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How to model moisture ingression in porous media materials using ANSYS FLUENT?

    • Oluwagbemiga Fabunmi
      I am a research associate at Teesside University who is studying the mechanics of moisture ingression in encapsulant materials used of solar cell encapsulation. Currently, I am engaged in a study on modelling moisture ingress using ANSYS FLUENT software. However, I've encountered a significant challenge. Many research papers I've come across have used COMSOL Multiphysics to accurately capture this effect. Conversely, my challenge arises when using ANSYS FLUENT to model permeable encapsulant materials. I have discovered that in ANSYS FLUENT, one must define the material as porous, with the porosity value ranging from 0 to 1 (0 representing solid and impermeable, 1 signifying full permeability).
      However, during the simulation, ANSYS FLUENT seems to employ the porosity of the material to determine its moisture concentration at saturation. For example, with a material porosity of 0.5, the moisture concentration is consistently 0.277 kg/m^3. Even with varying materials and permeabilities, this value remains unchanged. It appears that the permeability only influences the rate at which the material saturates, resulting in higher concentrations over time, but the same moisture concentration at saturation.
      I am utilizing a multiphase approach for this analysis, employing water vapor and air as the fluids and monitoring plots of water vapor concentration over time. To provide further clarity, I have attached images of the plots illustrating this behaviour.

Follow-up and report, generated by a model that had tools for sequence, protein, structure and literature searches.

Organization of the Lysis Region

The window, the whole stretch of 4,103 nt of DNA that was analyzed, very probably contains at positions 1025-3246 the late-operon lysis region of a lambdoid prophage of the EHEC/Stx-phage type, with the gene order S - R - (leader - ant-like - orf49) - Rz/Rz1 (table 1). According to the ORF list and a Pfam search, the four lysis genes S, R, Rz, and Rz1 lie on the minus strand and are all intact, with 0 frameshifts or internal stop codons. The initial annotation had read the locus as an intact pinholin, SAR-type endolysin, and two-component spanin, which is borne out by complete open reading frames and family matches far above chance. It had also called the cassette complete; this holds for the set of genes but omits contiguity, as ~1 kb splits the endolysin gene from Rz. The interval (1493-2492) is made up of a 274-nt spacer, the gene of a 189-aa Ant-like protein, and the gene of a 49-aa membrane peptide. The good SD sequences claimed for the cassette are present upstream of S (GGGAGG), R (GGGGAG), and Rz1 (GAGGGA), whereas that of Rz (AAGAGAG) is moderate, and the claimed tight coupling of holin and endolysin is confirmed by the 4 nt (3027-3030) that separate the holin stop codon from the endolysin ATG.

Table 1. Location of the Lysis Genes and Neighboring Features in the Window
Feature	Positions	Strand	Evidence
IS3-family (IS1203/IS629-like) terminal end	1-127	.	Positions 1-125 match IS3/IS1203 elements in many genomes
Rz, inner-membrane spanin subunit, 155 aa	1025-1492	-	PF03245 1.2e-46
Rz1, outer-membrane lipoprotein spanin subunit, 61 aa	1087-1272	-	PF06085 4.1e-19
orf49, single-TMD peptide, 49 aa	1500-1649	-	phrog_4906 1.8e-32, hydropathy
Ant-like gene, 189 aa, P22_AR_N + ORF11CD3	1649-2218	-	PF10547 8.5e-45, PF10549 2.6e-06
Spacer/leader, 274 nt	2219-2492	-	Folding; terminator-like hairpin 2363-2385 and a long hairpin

I am keen to understand the reasoning behind this behaviour and whether there are any techniques or insights you can offer to enhance the accuracy of my moisture ingress modelling in ANSYS FLUENT.
    • SRP
      Ansys Employee


      You mentioned that you are using a porous media model. Verify that you have set up the porous media properties correctly. The porosity and permeability values should be defined in a way that accurately represents the material you are simulating, and make sure you have defined the material properties accurately, including moisture diffusivity and other relevant properties for the encapsulant material.

      Thank you.

    • Oluwagbemiga Fabunmi

      I  really appreciate your earlier response. As you suggested, I have carefully reviewed and input all the necessary information into ANSYS Fluent for modeling moisture ingress. The goal is to simulate water ingress into EVA and PVB back sheets, using an accelerated approach based on the IEC 61215 Damp heat test conditions, specifically at 85°C temperature and 85% humidity.

      Here's a concise summary of the key parameters I've employed in the simulation:


      • EVA and PVB cube with dimensions 26 x 26 x 26 mm
      • Mesh size: 0.5mm

      Moisture Application:

      • Moisture applied to one side of the cube (single inlet, no outlet)

      EVA Material Properties:

      • Diffusion Coefficient (as a function of 85°C temperature): 1.30598e-9 m^2/s
        • Converted to fluid velocity: 5.023e-8 m/s
      • Permeability (as a function of 85°C temperature): 3.205806e-12 m^2
        • Converted to viscous resistance: 1/Permeability = 3.11934e11 m^-2
      • Porosity: 0.1

      PVB (Back Sheet) Material Properties:

      • Diffusion Coefficient: 7.53453e-9 m^2/s (as a function of 85°C temperature):
        • Converted to fluid velocity: 2.8979e-7 m/s
      • Permeability: 2.98197e-12 m^2 (as a function of 85°C temperature):
        • Viscous resistance: 3.35349e11 m^-2
      • Porosity: 0.1

      I have carefully ensured the accuracy of these parameters, and with your confirmation, I would greatly appreciate your expert guidance in setting up the simulation step by step.

      My work email address is o.fabunmi@tees.ac.uk

      Your support in this endeavor would be of immense value to my research, and I look forward to your response.

      Thank you for your time and consideration.

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